Income Inequality, Welfare Spending, and Globalization

Jennifer Foster, Utah State University

This work made publicly available electronically on May 17, 2012.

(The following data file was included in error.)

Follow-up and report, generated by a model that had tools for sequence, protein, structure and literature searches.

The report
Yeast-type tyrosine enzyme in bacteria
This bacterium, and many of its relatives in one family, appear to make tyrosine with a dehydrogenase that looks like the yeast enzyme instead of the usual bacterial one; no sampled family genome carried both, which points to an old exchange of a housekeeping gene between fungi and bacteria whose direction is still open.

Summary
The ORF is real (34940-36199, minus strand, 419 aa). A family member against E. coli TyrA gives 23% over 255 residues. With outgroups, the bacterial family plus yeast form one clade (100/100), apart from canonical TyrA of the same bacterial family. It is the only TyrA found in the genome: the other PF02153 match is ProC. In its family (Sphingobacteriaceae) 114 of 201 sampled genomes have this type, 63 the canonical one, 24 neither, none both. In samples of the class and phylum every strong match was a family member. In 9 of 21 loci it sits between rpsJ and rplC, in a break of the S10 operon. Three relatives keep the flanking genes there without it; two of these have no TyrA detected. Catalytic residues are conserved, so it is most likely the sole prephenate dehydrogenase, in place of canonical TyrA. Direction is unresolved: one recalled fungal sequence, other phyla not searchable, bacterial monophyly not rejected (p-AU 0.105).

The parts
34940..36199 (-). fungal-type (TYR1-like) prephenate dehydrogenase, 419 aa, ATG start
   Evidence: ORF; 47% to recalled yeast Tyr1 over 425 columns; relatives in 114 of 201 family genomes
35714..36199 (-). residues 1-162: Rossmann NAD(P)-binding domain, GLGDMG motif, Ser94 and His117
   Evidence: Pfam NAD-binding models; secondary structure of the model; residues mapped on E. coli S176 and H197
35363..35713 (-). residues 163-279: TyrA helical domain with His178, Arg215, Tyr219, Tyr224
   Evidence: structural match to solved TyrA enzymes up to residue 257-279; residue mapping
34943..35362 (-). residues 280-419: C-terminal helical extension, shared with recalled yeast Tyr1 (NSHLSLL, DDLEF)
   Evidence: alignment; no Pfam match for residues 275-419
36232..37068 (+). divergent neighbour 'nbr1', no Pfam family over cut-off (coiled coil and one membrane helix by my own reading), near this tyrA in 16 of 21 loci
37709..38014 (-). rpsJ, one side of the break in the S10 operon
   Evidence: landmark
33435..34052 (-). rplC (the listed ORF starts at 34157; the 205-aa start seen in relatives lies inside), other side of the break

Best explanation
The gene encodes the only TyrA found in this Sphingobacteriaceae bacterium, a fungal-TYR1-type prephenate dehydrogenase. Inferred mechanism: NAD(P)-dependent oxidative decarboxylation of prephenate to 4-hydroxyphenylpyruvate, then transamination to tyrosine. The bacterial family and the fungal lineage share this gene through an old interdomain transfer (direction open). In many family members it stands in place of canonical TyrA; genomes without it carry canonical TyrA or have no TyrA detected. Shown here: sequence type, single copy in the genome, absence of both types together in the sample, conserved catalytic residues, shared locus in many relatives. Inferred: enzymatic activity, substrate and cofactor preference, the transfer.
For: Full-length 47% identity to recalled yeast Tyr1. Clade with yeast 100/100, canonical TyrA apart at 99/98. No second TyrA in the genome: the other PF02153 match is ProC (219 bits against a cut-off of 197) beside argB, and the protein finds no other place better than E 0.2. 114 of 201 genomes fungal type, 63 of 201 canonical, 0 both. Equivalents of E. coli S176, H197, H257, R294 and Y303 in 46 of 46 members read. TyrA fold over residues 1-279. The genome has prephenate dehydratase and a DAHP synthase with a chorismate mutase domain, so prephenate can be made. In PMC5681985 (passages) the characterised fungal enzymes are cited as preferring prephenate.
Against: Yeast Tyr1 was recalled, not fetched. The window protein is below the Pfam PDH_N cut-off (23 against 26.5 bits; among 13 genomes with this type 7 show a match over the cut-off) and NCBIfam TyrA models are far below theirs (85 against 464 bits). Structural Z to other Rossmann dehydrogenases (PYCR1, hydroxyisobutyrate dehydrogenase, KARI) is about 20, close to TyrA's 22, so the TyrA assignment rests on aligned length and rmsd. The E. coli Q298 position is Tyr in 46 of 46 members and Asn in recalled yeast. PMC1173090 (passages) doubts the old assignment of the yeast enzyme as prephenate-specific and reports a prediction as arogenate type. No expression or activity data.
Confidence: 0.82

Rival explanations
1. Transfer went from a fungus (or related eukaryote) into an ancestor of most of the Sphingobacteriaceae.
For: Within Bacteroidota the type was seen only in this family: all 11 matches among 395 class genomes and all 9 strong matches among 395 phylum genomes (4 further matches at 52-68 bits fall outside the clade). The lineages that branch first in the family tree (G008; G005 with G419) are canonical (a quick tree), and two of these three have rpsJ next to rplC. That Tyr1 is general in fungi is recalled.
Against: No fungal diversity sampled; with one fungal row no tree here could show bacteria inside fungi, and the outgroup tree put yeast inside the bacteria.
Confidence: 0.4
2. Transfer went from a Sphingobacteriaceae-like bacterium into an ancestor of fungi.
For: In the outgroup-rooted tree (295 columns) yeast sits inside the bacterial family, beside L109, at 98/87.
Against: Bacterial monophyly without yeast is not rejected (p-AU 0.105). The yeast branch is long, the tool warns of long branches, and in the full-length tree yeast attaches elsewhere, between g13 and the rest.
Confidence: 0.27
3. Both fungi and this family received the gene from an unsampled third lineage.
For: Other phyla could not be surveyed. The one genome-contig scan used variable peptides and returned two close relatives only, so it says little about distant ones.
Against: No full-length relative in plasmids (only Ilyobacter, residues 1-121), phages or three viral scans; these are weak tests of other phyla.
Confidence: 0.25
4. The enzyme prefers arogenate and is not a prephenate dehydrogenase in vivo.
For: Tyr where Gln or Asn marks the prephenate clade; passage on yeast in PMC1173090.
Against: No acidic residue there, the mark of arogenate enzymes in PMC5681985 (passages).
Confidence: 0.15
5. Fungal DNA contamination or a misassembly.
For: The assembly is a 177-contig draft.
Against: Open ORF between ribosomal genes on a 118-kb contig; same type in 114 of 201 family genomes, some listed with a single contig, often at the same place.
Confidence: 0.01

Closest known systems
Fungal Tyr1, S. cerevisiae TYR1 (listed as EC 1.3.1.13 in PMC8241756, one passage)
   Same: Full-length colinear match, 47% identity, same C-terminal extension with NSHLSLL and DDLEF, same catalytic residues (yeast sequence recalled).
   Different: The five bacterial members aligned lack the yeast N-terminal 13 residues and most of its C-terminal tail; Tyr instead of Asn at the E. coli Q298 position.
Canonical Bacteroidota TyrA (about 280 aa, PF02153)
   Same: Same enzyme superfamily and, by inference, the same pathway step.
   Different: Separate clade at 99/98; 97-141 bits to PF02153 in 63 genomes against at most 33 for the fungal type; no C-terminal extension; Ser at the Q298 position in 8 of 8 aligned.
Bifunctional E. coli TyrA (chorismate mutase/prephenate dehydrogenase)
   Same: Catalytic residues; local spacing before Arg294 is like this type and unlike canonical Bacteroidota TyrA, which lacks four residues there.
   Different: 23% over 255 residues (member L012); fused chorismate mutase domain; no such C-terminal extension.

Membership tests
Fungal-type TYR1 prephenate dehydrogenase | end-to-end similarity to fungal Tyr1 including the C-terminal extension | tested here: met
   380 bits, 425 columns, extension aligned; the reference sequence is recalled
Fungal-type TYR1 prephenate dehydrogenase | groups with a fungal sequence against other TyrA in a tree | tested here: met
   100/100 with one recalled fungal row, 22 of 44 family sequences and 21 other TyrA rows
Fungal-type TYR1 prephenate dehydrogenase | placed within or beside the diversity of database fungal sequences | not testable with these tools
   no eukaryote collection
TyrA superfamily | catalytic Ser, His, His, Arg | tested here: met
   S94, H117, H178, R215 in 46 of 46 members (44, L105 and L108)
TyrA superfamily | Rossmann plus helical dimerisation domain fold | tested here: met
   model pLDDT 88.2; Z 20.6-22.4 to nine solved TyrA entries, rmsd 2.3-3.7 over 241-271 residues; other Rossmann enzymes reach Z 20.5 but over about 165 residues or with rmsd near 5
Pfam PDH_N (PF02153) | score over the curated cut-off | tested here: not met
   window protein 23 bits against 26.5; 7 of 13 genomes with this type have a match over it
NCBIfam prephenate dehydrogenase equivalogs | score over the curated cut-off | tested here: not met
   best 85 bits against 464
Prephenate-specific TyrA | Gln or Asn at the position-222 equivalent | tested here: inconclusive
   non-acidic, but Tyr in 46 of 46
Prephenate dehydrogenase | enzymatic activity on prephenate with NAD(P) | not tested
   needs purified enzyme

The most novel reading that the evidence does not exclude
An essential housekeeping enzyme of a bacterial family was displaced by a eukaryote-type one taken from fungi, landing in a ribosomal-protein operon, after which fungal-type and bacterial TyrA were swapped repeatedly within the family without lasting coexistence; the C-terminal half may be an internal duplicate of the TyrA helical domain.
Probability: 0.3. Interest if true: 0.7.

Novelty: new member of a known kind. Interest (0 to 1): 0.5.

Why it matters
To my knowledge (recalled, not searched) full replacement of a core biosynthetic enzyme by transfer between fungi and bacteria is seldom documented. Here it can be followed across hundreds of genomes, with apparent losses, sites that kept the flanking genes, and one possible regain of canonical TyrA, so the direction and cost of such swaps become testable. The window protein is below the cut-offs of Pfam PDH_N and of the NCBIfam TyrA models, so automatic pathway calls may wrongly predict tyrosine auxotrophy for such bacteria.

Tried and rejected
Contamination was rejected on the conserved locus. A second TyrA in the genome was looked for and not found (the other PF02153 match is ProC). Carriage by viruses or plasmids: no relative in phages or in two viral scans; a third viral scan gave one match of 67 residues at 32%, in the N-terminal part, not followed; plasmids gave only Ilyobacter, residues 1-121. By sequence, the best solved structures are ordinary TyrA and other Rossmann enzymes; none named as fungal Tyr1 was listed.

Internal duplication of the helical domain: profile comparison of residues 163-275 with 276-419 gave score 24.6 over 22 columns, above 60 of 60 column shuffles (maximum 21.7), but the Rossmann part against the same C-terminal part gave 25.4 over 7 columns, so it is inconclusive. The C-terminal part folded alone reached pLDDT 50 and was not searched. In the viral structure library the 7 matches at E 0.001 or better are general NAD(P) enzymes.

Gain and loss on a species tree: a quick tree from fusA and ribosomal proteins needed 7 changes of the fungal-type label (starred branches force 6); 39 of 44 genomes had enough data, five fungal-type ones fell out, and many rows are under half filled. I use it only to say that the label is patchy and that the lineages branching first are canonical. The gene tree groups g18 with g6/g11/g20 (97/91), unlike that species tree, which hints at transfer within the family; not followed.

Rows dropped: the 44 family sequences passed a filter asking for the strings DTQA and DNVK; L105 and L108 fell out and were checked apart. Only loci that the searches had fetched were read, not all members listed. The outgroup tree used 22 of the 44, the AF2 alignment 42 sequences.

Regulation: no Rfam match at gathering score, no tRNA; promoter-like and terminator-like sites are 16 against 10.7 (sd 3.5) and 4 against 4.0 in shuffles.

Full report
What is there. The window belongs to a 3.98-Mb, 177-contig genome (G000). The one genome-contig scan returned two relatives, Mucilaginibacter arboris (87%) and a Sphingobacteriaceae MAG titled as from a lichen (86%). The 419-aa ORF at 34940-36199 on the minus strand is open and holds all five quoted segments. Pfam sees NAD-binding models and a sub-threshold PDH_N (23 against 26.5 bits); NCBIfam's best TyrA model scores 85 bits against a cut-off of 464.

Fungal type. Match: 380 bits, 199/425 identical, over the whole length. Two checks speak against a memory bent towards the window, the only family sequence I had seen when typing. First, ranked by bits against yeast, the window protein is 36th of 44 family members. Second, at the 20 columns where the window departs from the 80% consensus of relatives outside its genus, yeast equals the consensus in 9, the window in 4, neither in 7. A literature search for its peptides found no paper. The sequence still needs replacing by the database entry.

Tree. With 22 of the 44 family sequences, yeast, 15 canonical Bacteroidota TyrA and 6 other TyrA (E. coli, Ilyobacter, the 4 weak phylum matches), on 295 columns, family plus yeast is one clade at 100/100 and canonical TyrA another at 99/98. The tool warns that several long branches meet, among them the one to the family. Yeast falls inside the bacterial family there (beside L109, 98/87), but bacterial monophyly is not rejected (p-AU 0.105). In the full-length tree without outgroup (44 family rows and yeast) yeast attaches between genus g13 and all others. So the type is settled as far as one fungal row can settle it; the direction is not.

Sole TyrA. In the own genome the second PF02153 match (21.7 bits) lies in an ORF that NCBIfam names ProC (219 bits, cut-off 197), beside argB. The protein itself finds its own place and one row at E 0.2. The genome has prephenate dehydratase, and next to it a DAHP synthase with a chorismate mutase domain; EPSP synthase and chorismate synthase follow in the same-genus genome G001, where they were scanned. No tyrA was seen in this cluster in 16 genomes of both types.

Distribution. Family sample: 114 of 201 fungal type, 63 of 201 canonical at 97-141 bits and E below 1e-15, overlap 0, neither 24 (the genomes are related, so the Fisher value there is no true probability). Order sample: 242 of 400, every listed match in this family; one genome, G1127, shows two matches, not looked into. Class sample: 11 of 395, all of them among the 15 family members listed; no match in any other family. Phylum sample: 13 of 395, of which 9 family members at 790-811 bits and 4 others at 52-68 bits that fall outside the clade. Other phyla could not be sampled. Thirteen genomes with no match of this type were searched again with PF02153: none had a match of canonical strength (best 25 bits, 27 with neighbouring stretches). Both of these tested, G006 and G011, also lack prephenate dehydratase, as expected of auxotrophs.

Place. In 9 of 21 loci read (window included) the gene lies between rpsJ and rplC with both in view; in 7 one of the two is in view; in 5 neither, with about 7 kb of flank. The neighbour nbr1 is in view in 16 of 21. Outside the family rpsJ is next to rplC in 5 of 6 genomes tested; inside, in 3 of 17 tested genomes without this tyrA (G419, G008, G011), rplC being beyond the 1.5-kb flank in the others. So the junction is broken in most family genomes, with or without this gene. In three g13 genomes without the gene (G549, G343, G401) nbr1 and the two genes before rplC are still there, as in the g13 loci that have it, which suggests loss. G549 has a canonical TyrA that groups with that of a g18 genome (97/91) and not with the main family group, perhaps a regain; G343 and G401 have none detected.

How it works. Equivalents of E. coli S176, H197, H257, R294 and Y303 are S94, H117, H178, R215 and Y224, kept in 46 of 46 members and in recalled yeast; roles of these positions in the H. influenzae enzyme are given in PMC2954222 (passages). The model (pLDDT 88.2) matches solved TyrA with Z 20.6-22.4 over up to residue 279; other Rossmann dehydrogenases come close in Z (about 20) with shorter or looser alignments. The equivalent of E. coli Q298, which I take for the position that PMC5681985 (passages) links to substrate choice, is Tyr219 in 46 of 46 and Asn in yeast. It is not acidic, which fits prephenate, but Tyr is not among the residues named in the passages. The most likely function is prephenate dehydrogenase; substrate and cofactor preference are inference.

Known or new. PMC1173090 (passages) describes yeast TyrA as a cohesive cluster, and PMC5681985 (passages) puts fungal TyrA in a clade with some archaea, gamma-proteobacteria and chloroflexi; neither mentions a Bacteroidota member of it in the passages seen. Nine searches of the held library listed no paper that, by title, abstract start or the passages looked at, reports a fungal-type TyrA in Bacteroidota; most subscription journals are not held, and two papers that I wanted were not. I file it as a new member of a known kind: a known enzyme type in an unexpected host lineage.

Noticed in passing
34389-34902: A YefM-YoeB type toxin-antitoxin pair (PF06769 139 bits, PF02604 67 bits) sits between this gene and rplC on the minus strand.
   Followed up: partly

This paper examines the relationship between government redistributive spending, globalization, and inequality measures. Does government social spending help to maintain equality within nations? Does this social spending affect less developed nations differently than developed nations? What role does globalization play in this relationship? This paper will examine these questions. The study will be investigated using a cross-­‐sectional panel data set for 12 advanced industrialized and 35 less developed nations. The study finds that in industrialized nations, trade can benefit an economy, while portfolio flows may hurt it. All aspects of governmental spending in OECD nations, including health care spending, education spending, and social security spending, seem to be redistributive and benefit the nation’s development. In less developed nations, the effect of globalization does not seem to have a consistent pattern. Trade and portfolio flows seem to be beneficial in some areas, while harmful in others. Also, government spending is redistributive in some areas and counterproductive in others.